Rocky Mountain (66th Annual) and Cordilleran (110th Annual) Joint Meeting (19–21 May 2014)

Paper No. 1
Presentation Time: 8:00 AM


NEWMAN, Connor Patrick, Department of Geological Sciences and Engineering, University of Nevada, Reno, LME 380, Reno, NV 89557, TEMPEL, Regina N., Department of Geological Sciences and Engineering, University of Nevada, Reno, M.S. 172, Reno, NV 89557, STILLINGS, Lisa L., U.S. Geological Survey, MS-176 University of Nevada Reno, Reno, NV 89557, BALISTRIERI, Laurie S., U.S. Geological Survey, School of Oceanography, University of Washington, Seattle, WA 98195 and SHEVENELL, Lisa, Nevada Bureau of Mines and Geology, University of Nevada, Reno, Reno, NV 89557,

The Dexter Pit Lake (DPL) is a 24 year old mine pit lake in the Tuscarora volcanic field in north-east Nevada. The lake partially fills the Dexter open pit mine which produced Au from 1987-1990. Previous study of DPL has shown that many elements (e.g. Cl, F, Mg, B, Li) behave conservatively in lake waters, but that As, Mn and Fe behave non-conservatively. Non-conservative behavior is likely linked to seasonal chemical and thermal stratification, which occurs annually from ~June-December, and is coupled with mineral precipitation and adsorption. In late fall stratification of the lake produces reducing conditions at depth, with respective Eh and pH values of of 200-250 mV and 7-8 in the hypolimnion. Reducing conditions likely lead to reductive dissolution of Mn/Fe (hydr)oxides which in turn release adsorbed As into hypolimnion waters. Upon turnover of the lake the hypolimnion and epilimnion are mixed, resulting in oxidative precipitation of (hydr)oxides and surface adsorption of As. The dissolved concentrations of As, Mn and Fe in the hypolimnion show respective decreases of 19 to 5 μg/L, 370 to 41 μg/L and 300 to 4.4 μg/L following mixing.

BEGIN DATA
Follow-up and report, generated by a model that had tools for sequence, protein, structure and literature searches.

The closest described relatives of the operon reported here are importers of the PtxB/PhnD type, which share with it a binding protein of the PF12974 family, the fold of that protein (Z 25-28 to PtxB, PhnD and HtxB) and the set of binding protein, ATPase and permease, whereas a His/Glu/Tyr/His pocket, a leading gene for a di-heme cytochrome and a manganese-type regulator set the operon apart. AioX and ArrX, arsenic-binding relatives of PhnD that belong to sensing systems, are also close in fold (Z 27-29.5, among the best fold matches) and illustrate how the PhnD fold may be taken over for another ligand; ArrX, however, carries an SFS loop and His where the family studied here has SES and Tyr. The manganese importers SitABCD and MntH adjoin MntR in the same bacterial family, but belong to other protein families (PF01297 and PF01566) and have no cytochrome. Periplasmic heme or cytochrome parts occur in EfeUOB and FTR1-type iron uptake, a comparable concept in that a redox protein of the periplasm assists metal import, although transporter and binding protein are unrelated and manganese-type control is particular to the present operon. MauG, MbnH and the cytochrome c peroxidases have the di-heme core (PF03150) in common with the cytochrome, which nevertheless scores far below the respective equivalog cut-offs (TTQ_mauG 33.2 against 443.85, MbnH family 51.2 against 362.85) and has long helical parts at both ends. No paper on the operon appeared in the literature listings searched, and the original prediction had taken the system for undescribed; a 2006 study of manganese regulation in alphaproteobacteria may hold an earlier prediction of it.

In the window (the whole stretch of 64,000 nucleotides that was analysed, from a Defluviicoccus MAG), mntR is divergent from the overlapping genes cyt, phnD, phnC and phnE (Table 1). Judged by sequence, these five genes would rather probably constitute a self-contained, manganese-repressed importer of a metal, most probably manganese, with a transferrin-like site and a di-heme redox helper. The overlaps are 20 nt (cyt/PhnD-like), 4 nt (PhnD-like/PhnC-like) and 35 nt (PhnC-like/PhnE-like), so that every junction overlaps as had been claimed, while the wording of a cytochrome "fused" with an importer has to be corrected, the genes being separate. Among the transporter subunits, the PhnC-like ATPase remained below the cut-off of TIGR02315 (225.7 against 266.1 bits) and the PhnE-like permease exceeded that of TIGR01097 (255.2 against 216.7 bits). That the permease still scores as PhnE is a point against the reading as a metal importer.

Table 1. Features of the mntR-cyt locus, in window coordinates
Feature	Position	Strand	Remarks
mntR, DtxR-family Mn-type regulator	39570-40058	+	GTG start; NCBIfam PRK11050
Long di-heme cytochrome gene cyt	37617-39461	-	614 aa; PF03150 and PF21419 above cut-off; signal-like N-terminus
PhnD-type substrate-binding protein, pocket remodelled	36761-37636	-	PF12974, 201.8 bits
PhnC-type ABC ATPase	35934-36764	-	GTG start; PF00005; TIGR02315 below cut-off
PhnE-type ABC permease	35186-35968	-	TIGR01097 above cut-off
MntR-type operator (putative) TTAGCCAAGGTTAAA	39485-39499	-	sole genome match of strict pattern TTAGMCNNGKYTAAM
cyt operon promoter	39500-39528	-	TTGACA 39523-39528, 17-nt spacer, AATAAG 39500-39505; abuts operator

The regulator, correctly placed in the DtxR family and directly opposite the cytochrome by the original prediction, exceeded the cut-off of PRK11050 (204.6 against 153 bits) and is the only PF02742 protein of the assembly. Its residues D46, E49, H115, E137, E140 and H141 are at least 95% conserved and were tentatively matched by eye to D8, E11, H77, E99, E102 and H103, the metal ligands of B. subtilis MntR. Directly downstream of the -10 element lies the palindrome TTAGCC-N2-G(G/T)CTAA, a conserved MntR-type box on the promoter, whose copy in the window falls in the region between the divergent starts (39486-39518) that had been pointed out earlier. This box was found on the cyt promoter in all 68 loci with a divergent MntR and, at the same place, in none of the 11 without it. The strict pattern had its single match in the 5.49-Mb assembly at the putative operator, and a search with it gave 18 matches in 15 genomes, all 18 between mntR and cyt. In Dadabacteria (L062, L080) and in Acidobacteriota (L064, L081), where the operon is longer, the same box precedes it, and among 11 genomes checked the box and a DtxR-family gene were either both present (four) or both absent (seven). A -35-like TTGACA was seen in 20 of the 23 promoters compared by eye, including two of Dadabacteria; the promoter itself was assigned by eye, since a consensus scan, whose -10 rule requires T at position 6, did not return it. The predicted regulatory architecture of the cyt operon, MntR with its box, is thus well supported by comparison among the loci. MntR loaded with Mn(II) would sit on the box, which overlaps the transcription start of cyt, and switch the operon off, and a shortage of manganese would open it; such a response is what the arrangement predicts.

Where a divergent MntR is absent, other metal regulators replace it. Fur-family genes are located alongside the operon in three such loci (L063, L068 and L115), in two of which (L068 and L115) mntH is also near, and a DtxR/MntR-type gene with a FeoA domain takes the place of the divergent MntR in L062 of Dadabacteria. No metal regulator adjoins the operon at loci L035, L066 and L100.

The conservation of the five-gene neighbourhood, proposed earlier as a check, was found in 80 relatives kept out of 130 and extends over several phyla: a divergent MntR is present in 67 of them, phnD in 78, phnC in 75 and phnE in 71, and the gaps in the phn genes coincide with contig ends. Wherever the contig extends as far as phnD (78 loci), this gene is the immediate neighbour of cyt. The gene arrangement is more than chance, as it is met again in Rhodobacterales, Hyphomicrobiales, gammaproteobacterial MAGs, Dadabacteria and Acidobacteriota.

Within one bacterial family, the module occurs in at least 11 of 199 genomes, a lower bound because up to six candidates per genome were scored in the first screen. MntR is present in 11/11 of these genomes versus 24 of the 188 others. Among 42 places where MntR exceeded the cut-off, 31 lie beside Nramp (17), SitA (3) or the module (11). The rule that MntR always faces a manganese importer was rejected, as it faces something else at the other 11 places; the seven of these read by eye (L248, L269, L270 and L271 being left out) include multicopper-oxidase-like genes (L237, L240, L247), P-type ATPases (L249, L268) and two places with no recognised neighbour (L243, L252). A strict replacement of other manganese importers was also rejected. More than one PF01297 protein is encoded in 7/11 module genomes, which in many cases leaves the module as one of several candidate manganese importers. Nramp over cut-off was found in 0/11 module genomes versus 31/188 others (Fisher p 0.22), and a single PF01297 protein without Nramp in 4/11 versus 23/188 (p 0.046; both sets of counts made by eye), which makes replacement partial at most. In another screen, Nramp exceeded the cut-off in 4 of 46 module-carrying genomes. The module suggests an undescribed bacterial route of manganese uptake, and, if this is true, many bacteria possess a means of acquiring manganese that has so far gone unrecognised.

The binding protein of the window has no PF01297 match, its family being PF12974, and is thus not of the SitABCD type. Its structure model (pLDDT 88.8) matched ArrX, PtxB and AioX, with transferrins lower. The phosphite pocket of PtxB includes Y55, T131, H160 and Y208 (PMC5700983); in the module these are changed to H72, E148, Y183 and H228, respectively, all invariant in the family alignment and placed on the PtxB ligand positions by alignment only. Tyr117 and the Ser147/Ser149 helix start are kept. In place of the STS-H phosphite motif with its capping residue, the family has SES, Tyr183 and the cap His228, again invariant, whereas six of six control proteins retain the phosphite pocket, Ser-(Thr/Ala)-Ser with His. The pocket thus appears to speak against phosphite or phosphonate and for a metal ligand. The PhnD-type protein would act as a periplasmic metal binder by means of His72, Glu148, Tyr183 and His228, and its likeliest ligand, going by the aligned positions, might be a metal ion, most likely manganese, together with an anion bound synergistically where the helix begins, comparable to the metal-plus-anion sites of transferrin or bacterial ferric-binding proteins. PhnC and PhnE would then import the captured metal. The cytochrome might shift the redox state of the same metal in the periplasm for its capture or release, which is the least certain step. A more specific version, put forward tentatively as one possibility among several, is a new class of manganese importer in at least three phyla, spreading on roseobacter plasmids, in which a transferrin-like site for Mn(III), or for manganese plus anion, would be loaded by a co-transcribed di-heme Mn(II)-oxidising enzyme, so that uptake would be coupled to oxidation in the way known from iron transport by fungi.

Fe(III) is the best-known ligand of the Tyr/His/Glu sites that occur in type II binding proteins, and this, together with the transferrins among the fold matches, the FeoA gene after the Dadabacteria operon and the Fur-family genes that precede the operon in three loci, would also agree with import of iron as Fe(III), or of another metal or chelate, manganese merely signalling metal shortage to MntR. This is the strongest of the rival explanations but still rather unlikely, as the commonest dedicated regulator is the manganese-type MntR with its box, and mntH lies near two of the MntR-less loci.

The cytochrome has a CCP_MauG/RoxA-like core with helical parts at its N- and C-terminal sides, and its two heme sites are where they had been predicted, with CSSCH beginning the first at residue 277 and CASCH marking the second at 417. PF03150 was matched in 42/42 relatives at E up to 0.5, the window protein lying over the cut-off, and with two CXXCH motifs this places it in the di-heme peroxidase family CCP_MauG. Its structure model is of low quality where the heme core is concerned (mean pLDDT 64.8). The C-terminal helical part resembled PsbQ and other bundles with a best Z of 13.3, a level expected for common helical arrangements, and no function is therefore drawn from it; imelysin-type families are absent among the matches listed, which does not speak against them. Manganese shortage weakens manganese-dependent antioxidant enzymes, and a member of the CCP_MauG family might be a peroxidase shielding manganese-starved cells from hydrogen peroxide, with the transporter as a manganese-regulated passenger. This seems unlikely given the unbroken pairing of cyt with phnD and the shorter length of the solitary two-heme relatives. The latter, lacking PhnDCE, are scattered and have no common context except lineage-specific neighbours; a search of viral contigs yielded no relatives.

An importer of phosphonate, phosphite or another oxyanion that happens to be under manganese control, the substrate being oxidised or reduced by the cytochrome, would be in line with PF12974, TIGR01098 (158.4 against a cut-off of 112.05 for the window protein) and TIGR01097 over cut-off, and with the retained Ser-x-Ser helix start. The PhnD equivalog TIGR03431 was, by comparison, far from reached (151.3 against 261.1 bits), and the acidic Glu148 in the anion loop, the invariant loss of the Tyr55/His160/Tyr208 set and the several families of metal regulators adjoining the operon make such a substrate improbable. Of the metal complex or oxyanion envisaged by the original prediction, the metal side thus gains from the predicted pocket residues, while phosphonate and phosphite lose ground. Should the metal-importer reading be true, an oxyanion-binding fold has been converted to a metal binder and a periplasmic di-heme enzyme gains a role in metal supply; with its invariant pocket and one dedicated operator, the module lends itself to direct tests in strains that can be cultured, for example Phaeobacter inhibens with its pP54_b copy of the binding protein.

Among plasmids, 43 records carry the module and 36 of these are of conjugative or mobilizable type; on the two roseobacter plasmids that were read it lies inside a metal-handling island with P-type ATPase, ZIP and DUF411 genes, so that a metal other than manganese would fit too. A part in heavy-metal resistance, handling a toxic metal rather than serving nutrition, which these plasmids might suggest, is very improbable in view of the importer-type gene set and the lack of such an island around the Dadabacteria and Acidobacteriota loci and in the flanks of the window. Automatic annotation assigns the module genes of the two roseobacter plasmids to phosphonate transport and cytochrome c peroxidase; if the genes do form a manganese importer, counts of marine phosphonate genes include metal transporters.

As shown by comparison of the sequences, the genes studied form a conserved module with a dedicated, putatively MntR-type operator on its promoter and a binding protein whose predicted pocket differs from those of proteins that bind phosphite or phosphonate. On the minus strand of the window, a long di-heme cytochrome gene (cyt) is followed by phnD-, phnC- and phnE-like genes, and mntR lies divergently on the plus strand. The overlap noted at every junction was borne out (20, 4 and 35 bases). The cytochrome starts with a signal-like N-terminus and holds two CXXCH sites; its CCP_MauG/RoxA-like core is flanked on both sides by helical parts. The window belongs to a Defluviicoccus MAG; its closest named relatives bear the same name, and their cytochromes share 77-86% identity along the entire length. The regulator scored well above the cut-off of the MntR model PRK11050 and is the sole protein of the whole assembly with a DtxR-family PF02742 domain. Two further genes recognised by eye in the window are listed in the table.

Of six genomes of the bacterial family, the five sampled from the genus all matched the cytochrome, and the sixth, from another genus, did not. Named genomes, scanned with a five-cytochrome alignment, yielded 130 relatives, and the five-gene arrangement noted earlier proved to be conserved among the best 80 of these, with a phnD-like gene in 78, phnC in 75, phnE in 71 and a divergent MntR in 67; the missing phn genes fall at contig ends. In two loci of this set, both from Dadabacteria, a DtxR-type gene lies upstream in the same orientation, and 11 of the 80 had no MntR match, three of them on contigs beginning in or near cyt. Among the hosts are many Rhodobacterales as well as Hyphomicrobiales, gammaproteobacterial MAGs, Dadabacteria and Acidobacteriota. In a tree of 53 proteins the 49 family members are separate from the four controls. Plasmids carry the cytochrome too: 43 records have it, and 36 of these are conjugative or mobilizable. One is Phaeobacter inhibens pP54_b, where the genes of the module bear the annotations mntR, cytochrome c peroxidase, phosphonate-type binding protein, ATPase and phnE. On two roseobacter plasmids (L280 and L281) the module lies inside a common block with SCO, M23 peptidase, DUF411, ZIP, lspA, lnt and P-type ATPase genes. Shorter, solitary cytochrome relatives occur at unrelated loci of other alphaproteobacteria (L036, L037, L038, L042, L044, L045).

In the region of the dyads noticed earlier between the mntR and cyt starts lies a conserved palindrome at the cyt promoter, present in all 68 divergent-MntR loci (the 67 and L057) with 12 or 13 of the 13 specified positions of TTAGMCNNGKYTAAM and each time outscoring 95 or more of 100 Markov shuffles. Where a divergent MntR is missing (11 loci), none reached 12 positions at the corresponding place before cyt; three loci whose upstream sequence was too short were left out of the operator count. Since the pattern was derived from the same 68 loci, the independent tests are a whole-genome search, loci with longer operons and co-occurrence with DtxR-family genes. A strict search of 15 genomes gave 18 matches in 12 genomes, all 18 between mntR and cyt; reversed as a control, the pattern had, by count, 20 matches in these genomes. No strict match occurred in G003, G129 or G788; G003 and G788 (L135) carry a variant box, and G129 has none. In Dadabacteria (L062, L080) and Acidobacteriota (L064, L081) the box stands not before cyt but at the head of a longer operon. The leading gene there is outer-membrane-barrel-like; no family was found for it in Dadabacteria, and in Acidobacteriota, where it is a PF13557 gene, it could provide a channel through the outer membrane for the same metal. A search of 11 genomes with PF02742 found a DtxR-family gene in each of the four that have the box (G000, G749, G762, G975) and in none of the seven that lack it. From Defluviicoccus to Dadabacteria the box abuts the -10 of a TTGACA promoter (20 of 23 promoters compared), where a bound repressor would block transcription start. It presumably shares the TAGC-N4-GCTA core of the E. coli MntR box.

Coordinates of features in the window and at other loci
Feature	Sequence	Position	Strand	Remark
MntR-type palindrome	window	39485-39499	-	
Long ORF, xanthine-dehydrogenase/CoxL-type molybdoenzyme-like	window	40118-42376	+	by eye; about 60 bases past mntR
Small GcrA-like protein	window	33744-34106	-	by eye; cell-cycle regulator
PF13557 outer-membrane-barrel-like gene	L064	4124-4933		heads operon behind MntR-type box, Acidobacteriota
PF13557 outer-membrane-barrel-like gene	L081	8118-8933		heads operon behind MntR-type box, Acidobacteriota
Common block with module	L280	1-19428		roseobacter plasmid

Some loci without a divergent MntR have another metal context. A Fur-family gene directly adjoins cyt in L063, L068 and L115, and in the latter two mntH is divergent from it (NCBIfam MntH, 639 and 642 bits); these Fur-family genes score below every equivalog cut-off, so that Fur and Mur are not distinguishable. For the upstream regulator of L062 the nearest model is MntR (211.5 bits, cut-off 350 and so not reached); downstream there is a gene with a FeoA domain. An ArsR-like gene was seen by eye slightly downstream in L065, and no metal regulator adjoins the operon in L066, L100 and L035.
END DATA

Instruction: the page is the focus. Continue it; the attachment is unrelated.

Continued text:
Water mixing calculations using EQ3/6 indicate that lake waters are predominantly ground water, with lesser input from precipitation and surface run off. End-members for water mixing calculations were local groundwater and regional precipitation. Modeled interaction between lake water and wall rock minerals indicates that the dissolution of orpiment, manganite, and hematite accounts for dissolved concentrations of As, Mn and Fe observed in the hypolimnion during stratification. Model calculations also show that birnessite and goethite precipitate during mixing events.

Principal component analysis (PCA) was applied to separate chemical components into groups that are influenced by the same physiochemical factors. PCA shows a grouping between As, Mn, and F, indicating that As and F may be derived from similar sources, likely volcanic rocks, and that dissolved concentrations of all three of these elements may be affected by adsorption. EQ3/6 modeling also supports an association between As and F, as the complex HAsO3F2- is predicted to make up a large proportion of aqueous As.

  • Newman_DPL.pptx (11.8 MB)